If the issues here had been submitted to the jury under the evidence in the case, and a verdict or special finding should have been rendered in favor of the contestants, it would have been the duty of the court to set the same aside. That being so, the court was justified in refusing to submit the case to a jury. As said by this court in the Estate of Tibbetts, 137 Cal. 128, [ 69 P. 980]: "Where, however, there is really no substantial evidence to support a verdict, or the jury were evidently actuated by motives which they had no right to consider, — as is so frequently the case in contests of wills, — there this court will hold that, as a matter of law, the verdict is unwarranted, even though there be some slight pretense of evidence to support it."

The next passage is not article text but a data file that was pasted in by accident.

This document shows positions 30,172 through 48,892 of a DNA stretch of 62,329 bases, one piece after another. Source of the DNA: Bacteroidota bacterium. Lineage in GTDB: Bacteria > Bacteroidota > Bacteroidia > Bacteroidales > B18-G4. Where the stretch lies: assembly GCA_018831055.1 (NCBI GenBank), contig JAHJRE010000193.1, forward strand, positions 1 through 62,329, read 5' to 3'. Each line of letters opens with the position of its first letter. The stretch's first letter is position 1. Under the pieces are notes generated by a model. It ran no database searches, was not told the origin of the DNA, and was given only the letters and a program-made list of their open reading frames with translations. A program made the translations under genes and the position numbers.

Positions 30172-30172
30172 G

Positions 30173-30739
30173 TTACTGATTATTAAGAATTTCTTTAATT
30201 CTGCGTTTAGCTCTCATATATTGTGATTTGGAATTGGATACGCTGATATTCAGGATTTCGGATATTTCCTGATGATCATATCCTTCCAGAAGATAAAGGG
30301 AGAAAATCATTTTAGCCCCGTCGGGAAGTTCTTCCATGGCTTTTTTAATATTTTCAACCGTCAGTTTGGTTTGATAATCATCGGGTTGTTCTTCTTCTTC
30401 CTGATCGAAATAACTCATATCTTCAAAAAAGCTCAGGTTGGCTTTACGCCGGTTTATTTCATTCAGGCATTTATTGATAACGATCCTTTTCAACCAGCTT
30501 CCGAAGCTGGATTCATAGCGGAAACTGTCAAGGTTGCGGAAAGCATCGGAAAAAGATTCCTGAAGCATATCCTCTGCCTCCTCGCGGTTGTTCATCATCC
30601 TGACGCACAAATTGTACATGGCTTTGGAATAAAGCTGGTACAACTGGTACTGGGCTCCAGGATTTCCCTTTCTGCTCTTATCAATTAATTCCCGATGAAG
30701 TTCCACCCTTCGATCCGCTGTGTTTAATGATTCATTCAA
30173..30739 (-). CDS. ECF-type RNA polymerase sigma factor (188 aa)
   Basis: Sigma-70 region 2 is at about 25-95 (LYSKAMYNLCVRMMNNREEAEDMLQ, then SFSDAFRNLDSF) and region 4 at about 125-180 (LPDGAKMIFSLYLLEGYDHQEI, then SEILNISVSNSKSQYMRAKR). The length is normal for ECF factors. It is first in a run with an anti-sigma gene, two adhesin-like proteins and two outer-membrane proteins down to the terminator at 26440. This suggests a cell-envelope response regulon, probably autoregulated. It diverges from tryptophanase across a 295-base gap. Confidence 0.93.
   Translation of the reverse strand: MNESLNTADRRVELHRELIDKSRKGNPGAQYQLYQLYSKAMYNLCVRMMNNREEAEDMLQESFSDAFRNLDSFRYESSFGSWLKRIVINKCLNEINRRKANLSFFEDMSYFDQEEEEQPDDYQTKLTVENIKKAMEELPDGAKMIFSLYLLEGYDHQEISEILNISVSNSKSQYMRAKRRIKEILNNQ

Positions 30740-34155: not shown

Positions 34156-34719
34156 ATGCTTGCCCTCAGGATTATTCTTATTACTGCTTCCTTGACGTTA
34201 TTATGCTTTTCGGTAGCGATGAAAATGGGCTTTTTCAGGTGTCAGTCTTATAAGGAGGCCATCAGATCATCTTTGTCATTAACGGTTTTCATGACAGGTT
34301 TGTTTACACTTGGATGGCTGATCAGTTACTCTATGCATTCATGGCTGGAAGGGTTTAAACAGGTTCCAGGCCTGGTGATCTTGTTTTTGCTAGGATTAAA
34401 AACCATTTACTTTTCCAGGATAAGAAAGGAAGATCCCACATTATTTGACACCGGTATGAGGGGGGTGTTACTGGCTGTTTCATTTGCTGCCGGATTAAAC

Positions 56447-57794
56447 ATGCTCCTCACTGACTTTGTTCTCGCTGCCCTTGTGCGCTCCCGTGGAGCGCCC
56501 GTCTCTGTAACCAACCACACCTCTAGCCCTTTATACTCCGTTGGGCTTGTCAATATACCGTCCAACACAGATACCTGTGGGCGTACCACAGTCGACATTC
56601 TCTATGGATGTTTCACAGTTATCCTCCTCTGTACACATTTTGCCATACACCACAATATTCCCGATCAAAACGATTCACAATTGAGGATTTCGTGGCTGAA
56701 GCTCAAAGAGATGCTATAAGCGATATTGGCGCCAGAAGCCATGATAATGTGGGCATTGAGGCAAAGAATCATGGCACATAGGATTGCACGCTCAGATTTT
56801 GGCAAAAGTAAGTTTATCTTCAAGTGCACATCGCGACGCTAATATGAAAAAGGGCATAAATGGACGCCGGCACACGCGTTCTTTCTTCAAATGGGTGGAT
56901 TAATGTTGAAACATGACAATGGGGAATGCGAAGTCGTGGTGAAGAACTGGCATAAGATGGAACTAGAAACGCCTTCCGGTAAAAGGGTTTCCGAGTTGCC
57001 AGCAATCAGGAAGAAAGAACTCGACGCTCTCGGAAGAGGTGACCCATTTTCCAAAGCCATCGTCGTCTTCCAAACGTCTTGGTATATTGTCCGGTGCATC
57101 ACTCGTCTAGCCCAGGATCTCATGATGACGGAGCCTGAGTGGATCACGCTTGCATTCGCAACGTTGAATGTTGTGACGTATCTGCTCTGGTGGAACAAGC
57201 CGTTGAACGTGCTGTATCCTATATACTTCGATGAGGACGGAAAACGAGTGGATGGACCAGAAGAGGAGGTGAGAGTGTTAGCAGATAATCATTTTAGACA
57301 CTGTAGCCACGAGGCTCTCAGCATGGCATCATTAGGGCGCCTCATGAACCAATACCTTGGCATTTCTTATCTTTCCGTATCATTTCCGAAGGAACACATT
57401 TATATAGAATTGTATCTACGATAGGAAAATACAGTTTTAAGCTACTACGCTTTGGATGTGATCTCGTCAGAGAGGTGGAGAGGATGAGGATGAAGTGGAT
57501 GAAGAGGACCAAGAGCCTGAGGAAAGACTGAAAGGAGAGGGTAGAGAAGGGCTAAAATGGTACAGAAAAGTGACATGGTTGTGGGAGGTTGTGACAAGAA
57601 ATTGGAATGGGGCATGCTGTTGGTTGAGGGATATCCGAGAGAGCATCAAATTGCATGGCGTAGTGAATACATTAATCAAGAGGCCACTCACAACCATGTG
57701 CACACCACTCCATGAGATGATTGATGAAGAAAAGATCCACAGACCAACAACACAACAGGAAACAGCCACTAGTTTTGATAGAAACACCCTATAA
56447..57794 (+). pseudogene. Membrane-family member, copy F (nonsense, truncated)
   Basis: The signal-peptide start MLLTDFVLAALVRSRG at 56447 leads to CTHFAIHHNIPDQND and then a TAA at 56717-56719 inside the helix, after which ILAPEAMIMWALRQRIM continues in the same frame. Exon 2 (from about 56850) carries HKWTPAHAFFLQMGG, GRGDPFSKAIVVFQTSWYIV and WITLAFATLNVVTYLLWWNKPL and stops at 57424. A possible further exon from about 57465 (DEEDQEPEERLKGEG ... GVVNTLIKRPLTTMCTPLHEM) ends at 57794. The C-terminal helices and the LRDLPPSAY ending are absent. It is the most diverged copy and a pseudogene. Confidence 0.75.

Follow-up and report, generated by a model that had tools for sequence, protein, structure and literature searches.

It may be conceded that in withdrawing the case from the jury the court practically granted a nonsuit, as claimed by the contestants, and that the court was not justified thereafter in making special findings, but this irregularity or error is harmless and cannot prejudice the appellant. The case is before us in substantially the same aspect as if, at the close of the evidence on both sides, the court had directed the jury to bring in a verdict against the contestants. There is, however, no material difference between the rule governing this court in the consideration of the sufficiency of the evidence where the court below has directed a verdict, from that prevailing where a nonsuit is granted on motion made after the evidence for both parties has been given. In Lacey v. Porter, 103 Cal. 605, [37 P. 637], which is the only California case on the subject, the court says: "To justify the court in directing a verdict it is not necessary that there should be no conflict in the evidence; but where the evidence is such that it is clearly insufficient to support a verdict in favor of the party against whom the direction is given, the instruction is proper, unless the circumstances indicate that upon another trial the evidence may be materially different, in which case the facts should be submitted to the jury in order that a new trial may be had. But in either case the decision of the court below will be sustained, unless the appellate court can clearly see that its conclusion is wrong upon the facts." There are many decisions, referring, for the most part, to some particular instruction which assumes the existence of some fact in issue, where it is said that it is error to do so if there is conflicting evidence as to the fact assumed. But with regard to the granting of a motion for nonsuit made at the close of the evidence for plaintiff and defendant, the rule seems to be well established that the trial court has discretion, and that it is not error to grant the motion where, upon all the evidence, it is clear that if a jury should bring in a verdict against the defendant it would be the duty of the court to set it aside and order a new trial. (Geary v. Simmons, 39 Cal. 224; Vanderford v. Foster, 65 Cal. 49, [2 P. 736]; Fagundes v. Central Pacific R.R. Co., 79 Cal. 100, [21 P. 437]; Fox v. Southern Pacific Co., 95 Cal. 234, [30 P. 384]; Toulouse v. Pare, 103 Cal. 251, [37 P. 146].) The above rule, of course, does not mean that in every case where the trial court might properly grant a new trial for insufficiency of evidence for plaintiff it should grant a motion for nonsuit, if made after both parties rest their case, but only that it should do so in very clear cases, which is practically the rule which controls in directing a verdict. Courts are not instituted to enable parties who have neither a wrong to redress nor a right to enforce to persist in a groundless suit, resting on the chances which arise from prejudice which sometimes influences juries. Where, after a case is all in, the court can see that no other evidence favorable to one of the parties is likely to be discovered or produced, and that upon all the evidence given a verdict in his favor would be altogether unjustifiable, and if rendered must be set aside on motion, and that the continuance of the litigation will probably produce no other result than injury to the party who is in the right, it is its duty to end the case by directing a proper verdict. Granting that the course pursued in this case was irregular, it does not follow that it is fatal to the judgment, even on appeal. The code expressly declares that no judgment shall be reversed for error unless a different result would have been probable if the error had not occurred. (Code Civ. Proc., sec. 475.) In the case at bar it does not appear that a different result would have been probable. There was no indication that any additional evidence at all material could ever be produced in favor of the contestants.